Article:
Alzheimer Symptoms in Elderly: Restless at Night

by Sharon

My father has Alzheimer's and lives with us full-time.

We have a paid caregiver during the day while we work but family is home with him at night.

He gets very agitated late in the day. Are these normal Alzheimer symptoms in elderly?

REPLY from
Some people with diseases such as Alzheimers, that affect their memory, can get restless or agitated later in the day. This is often referred to as "sundowning".

Restlessness or agitation may be in the form of mood swings, increased abnormal suspicious or demanding behaviour, becoming upset or disorientated or even seeing or hearing things that are not there.

The cause for sundowning is unknown, though there are a number of theories.

Some suggestions for dealing with the effects of sundowning are:

  • try to keep your loved one busy during the day, a walk outside may help to keep your dad's body attuned to the time of day
  • try to follow a familiar routine that your father was used to prior to having dementia; both daily routine and evening routine, such as helping to prepare dinner
  • you can try a posted daily schedule for him to refer to
  • provide comfort but don't argue or try to reason with him
  • don't take accusations personally
  • distract him with a meaningful activity
  • calm him with music or touch or other sounds he is used to having in the background (ie, TV or fan). You can also try a white noise machine to see if this will help.
  • look for a pattern and attempt to be with your father at the time he becomes restless or have someone else be with him
  • if the behaviour does not bother you, do nothing
  • distract the person with simple activities (ex. folding laundry, polishing the furniture/shoes, knitting, etc.)
  • redirect/change the subject
  • stay calm, be soothing
  • do not judge or scold
  • provide affection
  • look for unrelated needs (Does he need to use the toilet? Is he lonely or bored? Is he too hot or cold?)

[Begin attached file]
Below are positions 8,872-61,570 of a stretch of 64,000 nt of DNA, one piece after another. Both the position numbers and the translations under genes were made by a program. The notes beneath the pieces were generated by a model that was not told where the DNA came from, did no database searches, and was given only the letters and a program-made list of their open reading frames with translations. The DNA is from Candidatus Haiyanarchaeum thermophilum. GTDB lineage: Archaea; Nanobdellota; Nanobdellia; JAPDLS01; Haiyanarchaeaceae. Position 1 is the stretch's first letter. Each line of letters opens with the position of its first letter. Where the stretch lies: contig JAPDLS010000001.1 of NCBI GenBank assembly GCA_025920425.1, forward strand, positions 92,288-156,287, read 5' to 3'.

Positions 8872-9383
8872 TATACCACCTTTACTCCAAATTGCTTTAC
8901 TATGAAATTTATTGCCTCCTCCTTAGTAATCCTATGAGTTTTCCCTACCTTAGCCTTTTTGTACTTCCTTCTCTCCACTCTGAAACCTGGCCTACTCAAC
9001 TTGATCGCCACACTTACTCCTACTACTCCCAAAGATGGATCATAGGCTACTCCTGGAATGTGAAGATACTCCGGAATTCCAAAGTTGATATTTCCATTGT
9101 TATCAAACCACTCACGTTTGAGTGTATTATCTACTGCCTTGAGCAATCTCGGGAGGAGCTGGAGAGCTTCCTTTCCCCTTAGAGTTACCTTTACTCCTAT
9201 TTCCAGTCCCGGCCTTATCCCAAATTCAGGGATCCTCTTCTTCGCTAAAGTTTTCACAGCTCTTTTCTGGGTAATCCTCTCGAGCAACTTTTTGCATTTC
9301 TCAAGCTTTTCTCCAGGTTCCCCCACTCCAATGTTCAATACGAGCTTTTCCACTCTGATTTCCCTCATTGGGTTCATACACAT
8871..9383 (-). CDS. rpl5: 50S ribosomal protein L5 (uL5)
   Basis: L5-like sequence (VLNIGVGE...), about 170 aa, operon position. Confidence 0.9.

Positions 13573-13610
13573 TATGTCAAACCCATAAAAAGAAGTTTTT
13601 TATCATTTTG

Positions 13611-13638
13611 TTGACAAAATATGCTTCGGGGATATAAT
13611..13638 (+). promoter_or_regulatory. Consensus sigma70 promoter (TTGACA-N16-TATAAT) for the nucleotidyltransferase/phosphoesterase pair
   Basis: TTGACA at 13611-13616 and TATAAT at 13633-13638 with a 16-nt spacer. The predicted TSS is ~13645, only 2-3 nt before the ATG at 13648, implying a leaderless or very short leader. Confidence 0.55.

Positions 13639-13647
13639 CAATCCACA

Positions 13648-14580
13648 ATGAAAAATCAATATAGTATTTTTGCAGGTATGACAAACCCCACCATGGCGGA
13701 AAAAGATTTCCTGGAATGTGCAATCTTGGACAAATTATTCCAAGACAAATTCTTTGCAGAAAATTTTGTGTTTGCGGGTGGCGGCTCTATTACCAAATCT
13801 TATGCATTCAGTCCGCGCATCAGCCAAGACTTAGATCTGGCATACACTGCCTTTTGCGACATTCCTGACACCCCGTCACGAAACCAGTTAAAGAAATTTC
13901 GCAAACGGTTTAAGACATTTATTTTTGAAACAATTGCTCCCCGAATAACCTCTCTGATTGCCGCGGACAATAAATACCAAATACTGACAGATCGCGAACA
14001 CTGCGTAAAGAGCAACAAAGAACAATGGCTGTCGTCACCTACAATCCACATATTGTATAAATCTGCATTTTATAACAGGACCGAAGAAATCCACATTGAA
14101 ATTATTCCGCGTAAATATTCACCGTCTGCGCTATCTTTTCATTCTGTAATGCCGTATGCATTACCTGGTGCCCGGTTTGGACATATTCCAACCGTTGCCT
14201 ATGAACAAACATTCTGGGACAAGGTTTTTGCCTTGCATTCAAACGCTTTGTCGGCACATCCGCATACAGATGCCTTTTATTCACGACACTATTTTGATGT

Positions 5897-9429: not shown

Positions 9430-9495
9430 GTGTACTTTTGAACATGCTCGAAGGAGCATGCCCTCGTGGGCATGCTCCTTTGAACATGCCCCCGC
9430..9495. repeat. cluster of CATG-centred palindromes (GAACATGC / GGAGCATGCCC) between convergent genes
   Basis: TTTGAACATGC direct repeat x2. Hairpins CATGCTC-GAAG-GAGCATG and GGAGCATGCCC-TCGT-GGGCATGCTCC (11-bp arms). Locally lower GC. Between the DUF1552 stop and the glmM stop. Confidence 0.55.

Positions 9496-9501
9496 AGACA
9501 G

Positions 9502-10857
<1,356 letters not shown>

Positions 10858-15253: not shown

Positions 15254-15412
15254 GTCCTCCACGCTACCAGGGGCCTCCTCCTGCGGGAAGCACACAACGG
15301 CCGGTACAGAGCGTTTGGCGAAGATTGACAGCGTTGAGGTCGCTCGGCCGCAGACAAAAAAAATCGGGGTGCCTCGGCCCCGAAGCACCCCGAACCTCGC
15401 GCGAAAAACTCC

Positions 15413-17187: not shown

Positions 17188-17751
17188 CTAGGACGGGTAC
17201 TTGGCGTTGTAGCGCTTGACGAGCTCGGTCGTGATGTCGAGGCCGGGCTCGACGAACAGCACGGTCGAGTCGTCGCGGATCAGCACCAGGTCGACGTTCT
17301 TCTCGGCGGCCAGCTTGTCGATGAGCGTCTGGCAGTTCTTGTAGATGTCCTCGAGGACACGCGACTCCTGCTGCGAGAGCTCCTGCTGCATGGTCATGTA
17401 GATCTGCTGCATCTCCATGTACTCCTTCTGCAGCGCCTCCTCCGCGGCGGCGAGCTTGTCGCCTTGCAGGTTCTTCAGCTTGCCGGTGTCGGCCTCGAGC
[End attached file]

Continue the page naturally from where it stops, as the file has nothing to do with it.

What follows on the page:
• provide privacy

For more information about spending quality time with loved ones with dementia or how to have better communication with loved ones with dementia:

If anyone else has any suggestions that have been helpful in dealing with their loved ones with sundowning, please share them here.

Thank you for your question,

Comments for Alzheimer Symptoms in Elderly: Restless at Night

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by: Anonymous

I am Simply want to Say that you have done a great job its really informative web blog i have found today Thanks for sharing it

by: Tennille

Thank you for these wonderful suggestions!!


From a Nursing Home Social Worker
by: Anonymous

I've worked with elderly dementia patience for 20 plus years. The previous suggestions were wonderful however a few more:

1) There's some thought that sundowning may be to over tiredness. A brief nap after lunch might be helpful.

2) Sometimes over stimulation can be a cause or at least aggravate the situation. Providing a quiet environment with little talking, no TV etc might help.

3) Go to their world - If the individual is insisting on "going home" talk to them reassuringly. Ask them about their house, who lives there, what it smells like. If they feel they have to meet or find someone, tell them that individual asked you to take care of them for the time being and that the individual in question is safe but busy. This may seem unethical as it is a story, but the idea is to provide reassurance, safety, calmness, comfort and peace to a person who is worried, afraid, or determined.

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